Suzanne Clark, president and CEO of the U.S. Chamber of Commerce, said her organization stands ready to work with a divided Congress to make sure “America remains competitive and vibrant.”
And she called on Republicans and Democrats to put partisanship aside and deal with the top issues facing the nation.
Her comments came in a Tuesday post on the U.S. Chamber’s website.
“Voters recently sent a clear message that the economy and inflation are their top priorities, and lawmakers must commit to real solutions in the 118th Congress,” she said. “The U.S. Chamber was proud to support 92 pro-business candidates, with the vast majority winning their races.
“We stand ready to work with them, congressional leadership, and all members of Congress to bring inflation under control, confront the threat of crime on American business, rein in regulatory overreach, and ensure America remains competitive and vibrant.
“With Democrats controlling the White House and Senate, Republicans controlling the House of Representatives, and with both sides holding very slim governing margins, it is time to move past the sharp partisanship of campaign season and for all members of Congress to focus on the economic challenges voters made clear were top of mind.”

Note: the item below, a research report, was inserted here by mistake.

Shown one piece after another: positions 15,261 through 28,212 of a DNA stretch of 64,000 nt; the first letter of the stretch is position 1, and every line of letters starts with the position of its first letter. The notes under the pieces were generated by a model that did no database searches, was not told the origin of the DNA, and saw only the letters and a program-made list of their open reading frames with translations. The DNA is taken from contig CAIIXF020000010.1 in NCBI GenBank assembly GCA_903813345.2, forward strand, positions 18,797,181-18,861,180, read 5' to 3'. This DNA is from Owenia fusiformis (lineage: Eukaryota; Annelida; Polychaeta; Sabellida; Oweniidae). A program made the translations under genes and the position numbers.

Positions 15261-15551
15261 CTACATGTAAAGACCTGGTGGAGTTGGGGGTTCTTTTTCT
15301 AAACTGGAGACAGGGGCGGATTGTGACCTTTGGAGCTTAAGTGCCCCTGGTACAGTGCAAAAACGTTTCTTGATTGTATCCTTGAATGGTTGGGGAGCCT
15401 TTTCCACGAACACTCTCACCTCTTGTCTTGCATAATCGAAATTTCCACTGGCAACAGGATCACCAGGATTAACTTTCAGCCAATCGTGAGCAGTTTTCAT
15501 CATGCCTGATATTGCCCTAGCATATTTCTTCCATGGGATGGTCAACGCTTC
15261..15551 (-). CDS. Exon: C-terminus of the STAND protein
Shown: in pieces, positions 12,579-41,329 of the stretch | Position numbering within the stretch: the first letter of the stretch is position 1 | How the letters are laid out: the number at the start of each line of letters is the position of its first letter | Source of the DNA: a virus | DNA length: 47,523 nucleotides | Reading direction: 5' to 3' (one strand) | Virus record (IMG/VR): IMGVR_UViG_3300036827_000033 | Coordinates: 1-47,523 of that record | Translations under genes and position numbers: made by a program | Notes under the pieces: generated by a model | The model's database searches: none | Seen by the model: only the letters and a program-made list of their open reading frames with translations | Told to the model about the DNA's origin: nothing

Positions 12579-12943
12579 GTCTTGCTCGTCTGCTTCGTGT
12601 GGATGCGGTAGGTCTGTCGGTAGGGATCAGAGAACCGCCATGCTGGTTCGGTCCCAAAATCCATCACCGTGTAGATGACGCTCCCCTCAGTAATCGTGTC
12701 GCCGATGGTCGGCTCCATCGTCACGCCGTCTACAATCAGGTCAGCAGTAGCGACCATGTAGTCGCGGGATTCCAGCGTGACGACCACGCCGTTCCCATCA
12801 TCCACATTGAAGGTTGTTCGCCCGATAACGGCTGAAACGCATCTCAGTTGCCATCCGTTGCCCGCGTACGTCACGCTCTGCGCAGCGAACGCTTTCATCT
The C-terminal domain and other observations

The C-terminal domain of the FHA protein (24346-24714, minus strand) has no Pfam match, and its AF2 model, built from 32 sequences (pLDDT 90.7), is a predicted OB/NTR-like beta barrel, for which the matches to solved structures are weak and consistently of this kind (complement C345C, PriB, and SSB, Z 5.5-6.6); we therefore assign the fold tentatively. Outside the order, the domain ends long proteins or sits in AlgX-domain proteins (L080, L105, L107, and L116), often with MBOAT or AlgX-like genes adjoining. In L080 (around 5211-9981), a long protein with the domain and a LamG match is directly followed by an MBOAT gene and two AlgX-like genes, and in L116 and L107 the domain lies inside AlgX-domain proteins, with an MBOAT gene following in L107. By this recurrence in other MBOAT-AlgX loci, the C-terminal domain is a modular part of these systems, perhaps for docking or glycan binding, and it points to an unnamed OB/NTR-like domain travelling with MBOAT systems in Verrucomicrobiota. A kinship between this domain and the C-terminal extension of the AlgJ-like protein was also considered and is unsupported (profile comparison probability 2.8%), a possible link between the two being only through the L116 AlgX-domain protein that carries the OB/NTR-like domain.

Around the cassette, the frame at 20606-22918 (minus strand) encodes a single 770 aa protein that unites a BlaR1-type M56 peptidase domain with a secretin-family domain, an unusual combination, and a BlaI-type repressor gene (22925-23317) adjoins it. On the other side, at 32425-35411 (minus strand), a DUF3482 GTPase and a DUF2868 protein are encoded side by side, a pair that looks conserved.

And she said despite predictions of gridlock, her organization believes the new Congress “can rise to meet the moments.”
“Meaningful legislative accomplishments are within reach if we focus on what can and needs to be done,” she said. “We know because it has been done before under previous divided governments.”
Her post was the first in a series planned by the chamber headlined, “Calling on Congress.”
“As the voice of American businesses of every size, industry, and region, the U.S. Chamber is ready to work with the 118th Congress on behalf of our members — and for the benefit of American voters — to help solve the challenges of our time,” she said.
In early November Axios reported House Minority Leader Rep. Kevin McCarthy, R-Calif., had made it clear, in conversations with chamber board members, he will not work with Clark and her team if he becomes House speaker. McCarthy demanded the business group replace Clark and its complete leadership.
But Mark Ordan, chairman of the chamber’s board of directors, maintained Clark has the full backing from the board.
“Staying true to that mission requires a smart, savvy, vigorous leader like our CEO Suzanne Clark. It is for that reason that our governing body, the executive committee of the board of directors, is unequivocally enthusiastic about Suzanne’s performance and the importance of her ongoing tenure as CEO of the U.S. Chamber. She has our complete support.”
According to Axios, the conflict was touched off in Aug. 2020, when the chamber endorsed 23 Democrat freshmen for re-election. Of those endorsed, 15 won — guaranteeing that McCarthy could not win speaker back then.
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